Faculty members open hearts and homes to children overseas
Gabriel (left) and Tomas dote on Mia, their new sister.
Director of Asian American Studies Tim Fong knew there would be more pink in his household with the addition of a 16-month-old girl to the family. What he didn’t know was just how much pink there would be—or how well she would fit in with her new family.
Fong and his wife Elena Almanzo wanted to adopt for years and when the right time presented itself, the Fong-Almanzos began the paperwork and did the inevitable—waited. After 10 months of anticipation, in March 2007, the family was on its way to China and on its way to completing their family.
“It seemed like there were fewer issues in doing international adoption,” Fong says. “China happened to be a place that’s done quite a bit of adoption and has the most developed system.”
And adopting a child from China was something of a visit to the history of Fong’s family, whose father grew up in South China before immigrating to the United States.
Sitting in a conference room at the Chengdu Children’s Welfare Institution, Fong and Almanzo completed the last of the paperwork needed to obtain their newest family member, whom they had only seen pictures of. Their two sons, 9-year-old Gabriel and 6-year-old Tomas, sat with them.
“We were told not to bring our kids, but we chose to bring them as a part of the process, and it turned out wonderfully,” Fong says.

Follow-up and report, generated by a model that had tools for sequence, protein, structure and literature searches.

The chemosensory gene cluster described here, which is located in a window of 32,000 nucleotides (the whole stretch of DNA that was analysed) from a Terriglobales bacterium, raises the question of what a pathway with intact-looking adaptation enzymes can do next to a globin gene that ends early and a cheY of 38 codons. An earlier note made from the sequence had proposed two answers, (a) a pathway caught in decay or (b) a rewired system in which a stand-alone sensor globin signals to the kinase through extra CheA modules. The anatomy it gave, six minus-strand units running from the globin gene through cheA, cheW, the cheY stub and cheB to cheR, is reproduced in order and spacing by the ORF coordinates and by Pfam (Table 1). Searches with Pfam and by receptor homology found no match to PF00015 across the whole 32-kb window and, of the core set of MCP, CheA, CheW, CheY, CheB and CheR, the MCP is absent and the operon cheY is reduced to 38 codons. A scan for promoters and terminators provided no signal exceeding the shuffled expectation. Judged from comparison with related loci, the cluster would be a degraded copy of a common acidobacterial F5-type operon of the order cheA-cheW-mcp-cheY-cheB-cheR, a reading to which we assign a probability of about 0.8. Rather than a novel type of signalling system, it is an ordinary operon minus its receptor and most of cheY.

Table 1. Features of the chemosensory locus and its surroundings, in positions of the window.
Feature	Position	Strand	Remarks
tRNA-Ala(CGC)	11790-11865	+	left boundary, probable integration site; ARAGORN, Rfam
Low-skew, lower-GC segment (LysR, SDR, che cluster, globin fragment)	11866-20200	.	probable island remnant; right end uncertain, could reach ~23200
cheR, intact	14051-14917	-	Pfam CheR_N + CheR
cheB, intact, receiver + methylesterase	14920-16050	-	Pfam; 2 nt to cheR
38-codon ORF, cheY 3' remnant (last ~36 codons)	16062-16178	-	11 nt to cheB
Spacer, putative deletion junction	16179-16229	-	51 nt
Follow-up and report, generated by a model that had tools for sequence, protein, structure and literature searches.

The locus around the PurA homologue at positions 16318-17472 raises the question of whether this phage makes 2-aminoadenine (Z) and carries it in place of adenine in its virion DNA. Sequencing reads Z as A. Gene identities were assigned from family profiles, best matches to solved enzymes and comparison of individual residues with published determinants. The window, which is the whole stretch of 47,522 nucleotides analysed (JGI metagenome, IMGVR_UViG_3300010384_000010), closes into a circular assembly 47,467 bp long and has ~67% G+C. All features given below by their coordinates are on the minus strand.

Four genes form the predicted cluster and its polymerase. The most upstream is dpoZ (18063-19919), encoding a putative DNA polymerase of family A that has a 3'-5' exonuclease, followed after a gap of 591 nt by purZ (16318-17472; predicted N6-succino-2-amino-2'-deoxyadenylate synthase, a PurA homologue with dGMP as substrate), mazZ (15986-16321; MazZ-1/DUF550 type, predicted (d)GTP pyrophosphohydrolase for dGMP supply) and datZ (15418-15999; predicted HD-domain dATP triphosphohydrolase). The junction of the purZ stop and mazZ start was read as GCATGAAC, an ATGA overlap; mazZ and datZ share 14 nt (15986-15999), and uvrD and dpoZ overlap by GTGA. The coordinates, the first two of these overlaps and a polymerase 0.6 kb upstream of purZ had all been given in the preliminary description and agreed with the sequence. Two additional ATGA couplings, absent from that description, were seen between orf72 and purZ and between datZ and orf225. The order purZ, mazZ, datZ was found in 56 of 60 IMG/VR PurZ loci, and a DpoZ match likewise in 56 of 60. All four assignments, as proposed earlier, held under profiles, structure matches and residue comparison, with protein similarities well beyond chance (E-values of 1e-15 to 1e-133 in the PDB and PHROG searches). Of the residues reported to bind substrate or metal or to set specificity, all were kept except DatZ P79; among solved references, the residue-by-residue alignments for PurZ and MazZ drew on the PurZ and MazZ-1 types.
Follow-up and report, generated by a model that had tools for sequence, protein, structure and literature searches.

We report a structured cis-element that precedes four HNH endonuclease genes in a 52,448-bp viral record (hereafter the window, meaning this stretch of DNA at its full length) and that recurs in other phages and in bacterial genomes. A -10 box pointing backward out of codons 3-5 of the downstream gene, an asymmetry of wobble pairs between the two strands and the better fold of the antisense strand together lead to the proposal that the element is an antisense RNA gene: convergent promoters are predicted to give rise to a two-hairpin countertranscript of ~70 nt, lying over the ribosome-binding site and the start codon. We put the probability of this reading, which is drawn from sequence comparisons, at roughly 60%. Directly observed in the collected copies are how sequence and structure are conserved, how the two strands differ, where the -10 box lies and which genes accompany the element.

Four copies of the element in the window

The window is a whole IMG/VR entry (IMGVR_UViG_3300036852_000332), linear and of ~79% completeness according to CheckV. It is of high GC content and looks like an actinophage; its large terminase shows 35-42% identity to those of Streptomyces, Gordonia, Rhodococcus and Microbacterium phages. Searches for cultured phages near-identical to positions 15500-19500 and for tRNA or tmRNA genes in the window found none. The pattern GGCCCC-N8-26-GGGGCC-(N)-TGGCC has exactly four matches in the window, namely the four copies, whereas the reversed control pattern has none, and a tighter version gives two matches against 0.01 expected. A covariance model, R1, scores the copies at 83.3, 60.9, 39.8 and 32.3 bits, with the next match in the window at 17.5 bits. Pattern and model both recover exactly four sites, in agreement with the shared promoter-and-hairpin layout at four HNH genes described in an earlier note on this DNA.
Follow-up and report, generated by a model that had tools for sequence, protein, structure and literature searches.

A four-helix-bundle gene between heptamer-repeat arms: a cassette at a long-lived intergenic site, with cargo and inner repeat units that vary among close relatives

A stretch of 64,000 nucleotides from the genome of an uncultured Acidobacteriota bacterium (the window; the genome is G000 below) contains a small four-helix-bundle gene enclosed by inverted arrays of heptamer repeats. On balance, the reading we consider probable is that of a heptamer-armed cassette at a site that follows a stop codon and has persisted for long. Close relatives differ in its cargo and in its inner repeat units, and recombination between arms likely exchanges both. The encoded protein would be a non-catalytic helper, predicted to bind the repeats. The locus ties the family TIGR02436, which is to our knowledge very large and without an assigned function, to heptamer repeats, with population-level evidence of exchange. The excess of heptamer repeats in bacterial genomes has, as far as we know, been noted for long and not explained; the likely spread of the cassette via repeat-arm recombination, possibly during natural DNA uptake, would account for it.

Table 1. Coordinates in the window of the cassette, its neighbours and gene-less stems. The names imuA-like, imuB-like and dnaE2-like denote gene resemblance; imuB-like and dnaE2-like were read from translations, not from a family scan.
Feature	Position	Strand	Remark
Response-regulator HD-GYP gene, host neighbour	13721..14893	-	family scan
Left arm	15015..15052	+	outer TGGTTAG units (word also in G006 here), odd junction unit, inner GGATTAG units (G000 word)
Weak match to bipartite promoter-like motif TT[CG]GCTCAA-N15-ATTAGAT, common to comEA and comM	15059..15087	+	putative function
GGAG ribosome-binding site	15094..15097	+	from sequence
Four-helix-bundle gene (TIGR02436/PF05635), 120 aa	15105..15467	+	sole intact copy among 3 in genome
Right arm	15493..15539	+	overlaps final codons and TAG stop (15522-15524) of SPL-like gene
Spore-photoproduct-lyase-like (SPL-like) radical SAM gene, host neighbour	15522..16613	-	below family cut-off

The next few minutes were a blur as Mia suddenly appeared with an attendant to meet her new family for the first time. Gabriel reached for the video camera and began filming while Tomas snapped photos on a digital camera to document the arrival of their new sister.
“It was so fast we didn’t really have time to think about it,” Fong says. “It was just one of those magical moments in life that doesn’t happen very often.”
Fong knew that it was not uncommon for children to shut down and keep to themselves after such a traumatic experience and had prepared the boys ahead of time. But Mia, who Almanzo describes as “strong” and “very independent,” displayed her true colors right from the start.
“When we got her she cried for about 30 seconds, and after that she was fine,” Fong says. “We have it on videotape that one of our kids said, ‘See, she didn’t shut down.’”
Now, eight months later and back at home, the family is adjusting to having three children, particularly a girl.
“There’s more feminine energy, more pink,” Almanzo says. “Tim says, ‘I knew there’d be more pink in the house, but I didn’t know there’d be that much more pink.’”
While Mia does love to play gently with her dolls, she can hang with the boys, Almanzo says. Tomas has taught her how to play, jump and ride a scooter, while Gabriel enjoys that he can “boss around the little kids.”
For the Fong-Almanzos, the family is finally complete, and both parents are very pleased with how seamless the whole process was for them and consider themselves very lucky.
“It was literally like we went on a family vacation and came home with this wonderful surprise, and Mia was it,” Almanzo says. “She’s adjusted incredibly well, and the boys have adjusted incredibly well to her. Now it’s just as if she’s always been here. It’s been an amazing experience.”
Additional faculty members who have adopted internationally
Jacqueline Anne Chong-Bo Cameron, 5 years old, adopted Oct. 2003 from China
Mimi Lewis and Larry Boles
Jasmine HsunJu Lewis-Boles, 5 years old, adopted from Taiwan
Jade MuTzu Lewis-Boles, 3 years old, adopted from Taiwan
Linda Roberts and Tom Savage
Claire Qingdong Savage, 5 years old, adopted May 2003 from Jianxi province
Abbie Dian Savage, 1 year old, adopted Oct. 2007 from Fujian province